TAMPA — The Hillsborough School Board gave superintendent Jeff Eakins a new three-year contract, telling him at a meeting Tuesday evening that they were amazed he turned down offers of a raise.
Eakins, who makes $225,000 a year plus benefits, refused to take a standard 3 percent increase after the first year of the new contract. He also declined, during negotiations, to consider the higher salaries of superintendents in other districts, leaving his pay rate unchanged.
The board considered including two $2,000 yearly bonuses if he improved the graduation rate and built up the main reserve account. They liked the grad rate incentive, but ended up deciding that he shouldn't be paid more for spending less, given the district's enormous financial challenges and funding cuts from the state.
The board, which approved the contract by a 6-1 vote, agreed to keep the $2,000 grad rate incentive and add another incentive later.
"My bonus is going to be when every student, every teacher, every employee becomes successful," Eakins told the board.
That kind of statement has endeared Eakins to members who tired of the hard-driving style of his predecessor, MaryEllen Elia.
Eakins was seen as a healer when they hired him in 2015, without a national search, to lead the nation's eighth largest school district.
On Tuesday, member Sally Harris, who cast the tie-breaking vote to hire him, praised his thoughtfulness and "approachable" personality.
"We gave this district somebody who believes in servant leadership," she said.
Susan Valdes was equally effusive. "You're an amazing leader," she said.
Tamara Shamburger, whose district includes some of Hillsborough's poorest neighborhoods and most challenging schools, said, "You're working really, really hard to turn every school around."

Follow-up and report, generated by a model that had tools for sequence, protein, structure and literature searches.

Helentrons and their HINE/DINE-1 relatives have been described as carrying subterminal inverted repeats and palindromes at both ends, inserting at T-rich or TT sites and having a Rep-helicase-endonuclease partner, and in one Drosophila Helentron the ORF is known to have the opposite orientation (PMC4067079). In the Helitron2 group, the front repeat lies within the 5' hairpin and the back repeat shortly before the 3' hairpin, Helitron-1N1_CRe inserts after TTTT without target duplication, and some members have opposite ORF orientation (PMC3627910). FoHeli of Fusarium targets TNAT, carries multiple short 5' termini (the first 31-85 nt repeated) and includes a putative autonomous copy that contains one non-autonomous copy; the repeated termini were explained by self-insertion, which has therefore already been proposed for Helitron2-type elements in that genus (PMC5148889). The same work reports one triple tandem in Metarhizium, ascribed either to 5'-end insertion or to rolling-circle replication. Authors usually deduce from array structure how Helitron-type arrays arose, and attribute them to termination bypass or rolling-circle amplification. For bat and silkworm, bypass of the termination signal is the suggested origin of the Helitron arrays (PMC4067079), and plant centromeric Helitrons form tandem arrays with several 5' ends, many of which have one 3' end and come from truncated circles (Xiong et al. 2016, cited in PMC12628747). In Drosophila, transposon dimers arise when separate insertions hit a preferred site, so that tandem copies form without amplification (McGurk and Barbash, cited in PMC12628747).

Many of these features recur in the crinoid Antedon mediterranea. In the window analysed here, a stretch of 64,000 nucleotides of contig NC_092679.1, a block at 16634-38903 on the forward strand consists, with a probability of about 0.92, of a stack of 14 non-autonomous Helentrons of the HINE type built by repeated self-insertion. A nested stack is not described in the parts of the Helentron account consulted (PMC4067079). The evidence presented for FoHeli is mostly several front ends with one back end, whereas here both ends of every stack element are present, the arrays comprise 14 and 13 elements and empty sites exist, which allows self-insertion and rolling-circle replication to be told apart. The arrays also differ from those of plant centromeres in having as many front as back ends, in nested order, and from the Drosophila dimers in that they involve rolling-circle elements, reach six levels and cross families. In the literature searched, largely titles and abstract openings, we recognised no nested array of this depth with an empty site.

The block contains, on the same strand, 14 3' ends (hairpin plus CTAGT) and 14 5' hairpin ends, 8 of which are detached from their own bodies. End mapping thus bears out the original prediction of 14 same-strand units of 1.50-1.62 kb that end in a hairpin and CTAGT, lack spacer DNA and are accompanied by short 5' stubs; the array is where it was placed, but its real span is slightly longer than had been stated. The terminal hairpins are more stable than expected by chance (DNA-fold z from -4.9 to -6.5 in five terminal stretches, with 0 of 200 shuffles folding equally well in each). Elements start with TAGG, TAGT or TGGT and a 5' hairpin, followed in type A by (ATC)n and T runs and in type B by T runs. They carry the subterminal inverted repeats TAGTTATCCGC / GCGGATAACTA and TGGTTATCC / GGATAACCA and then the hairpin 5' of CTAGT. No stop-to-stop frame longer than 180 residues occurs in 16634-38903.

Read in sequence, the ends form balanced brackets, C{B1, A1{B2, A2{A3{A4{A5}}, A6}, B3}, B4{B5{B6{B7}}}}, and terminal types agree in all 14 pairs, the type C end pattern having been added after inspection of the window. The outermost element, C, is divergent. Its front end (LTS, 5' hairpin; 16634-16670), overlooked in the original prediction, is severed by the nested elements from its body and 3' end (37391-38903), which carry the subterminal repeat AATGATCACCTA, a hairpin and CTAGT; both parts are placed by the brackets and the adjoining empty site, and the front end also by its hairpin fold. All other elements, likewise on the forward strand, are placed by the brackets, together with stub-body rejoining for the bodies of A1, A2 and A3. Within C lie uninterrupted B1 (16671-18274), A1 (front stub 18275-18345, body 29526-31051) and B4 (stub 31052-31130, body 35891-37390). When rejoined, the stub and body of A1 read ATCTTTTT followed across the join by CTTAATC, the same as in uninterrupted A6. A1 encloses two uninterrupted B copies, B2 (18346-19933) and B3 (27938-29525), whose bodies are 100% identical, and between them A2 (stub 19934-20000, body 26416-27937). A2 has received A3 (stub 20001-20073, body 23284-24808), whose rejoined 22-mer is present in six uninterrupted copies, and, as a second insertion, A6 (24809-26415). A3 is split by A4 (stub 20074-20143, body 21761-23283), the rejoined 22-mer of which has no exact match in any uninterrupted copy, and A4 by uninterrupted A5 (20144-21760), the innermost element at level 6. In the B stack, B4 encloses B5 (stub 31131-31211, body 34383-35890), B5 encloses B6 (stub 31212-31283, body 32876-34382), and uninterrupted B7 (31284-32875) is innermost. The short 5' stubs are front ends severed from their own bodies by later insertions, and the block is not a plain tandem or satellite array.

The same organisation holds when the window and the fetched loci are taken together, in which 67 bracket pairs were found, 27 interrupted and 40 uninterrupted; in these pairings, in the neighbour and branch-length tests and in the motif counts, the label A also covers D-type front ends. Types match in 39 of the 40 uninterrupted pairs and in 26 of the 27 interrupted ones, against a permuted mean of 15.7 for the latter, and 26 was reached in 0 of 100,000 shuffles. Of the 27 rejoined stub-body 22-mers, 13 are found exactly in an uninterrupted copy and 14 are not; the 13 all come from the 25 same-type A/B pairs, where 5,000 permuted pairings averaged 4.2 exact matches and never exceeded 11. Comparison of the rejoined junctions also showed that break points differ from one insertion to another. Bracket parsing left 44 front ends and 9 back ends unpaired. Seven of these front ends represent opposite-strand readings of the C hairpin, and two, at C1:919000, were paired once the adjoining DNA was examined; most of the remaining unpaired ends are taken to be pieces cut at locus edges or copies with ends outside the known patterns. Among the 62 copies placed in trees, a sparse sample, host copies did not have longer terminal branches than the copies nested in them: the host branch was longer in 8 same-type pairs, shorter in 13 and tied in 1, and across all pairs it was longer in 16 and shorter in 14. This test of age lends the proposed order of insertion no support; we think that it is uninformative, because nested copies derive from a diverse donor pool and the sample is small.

Less supportive was Melissa Snively, who cast the dissenting vote. She said Eakins was too reactive and that, as a mother of four students, she still sees too many problems with bullying and crowded buses.
Safety, she said, will be compromised even more with busing cutbacks that will take effect this fall for middle and high school.
She wanted to give Eakins just a one-year extension.
Despite the kind words offered by other board members, several warned that the district faces daunting challenges.
Eakins, in his first weeks on the job, learned the district was spending down its reserves so quickly that its credit rating was suffering. His staff found ways to slash spending.
But with new population growth, the district faces more than $1 billion in construction needs on top of another $1 billion in debt, and nearly $1 billion more in deferred maintenance, mostly roofs and air conditioners.
To save money, some board members are suggesting the district renegotiate a pay plan adopted during Elia's administration that gives most teachers a $4,000 raise every three years.
"I hope our employees understand that there are some very, very tough decisions that are coming as a result of all the things that we have found over the last two years," said board member April Griffin.
And there's concern that the district doesn't communicate effectively, making district schools less competitive than they could be among the growing charter school sector.
"Competition should inspire us to do our best," Snively said.
Contact Marlene Sokol at (813) 226-3356 or firstname.lastname@example.org. Follow @marlenesokol.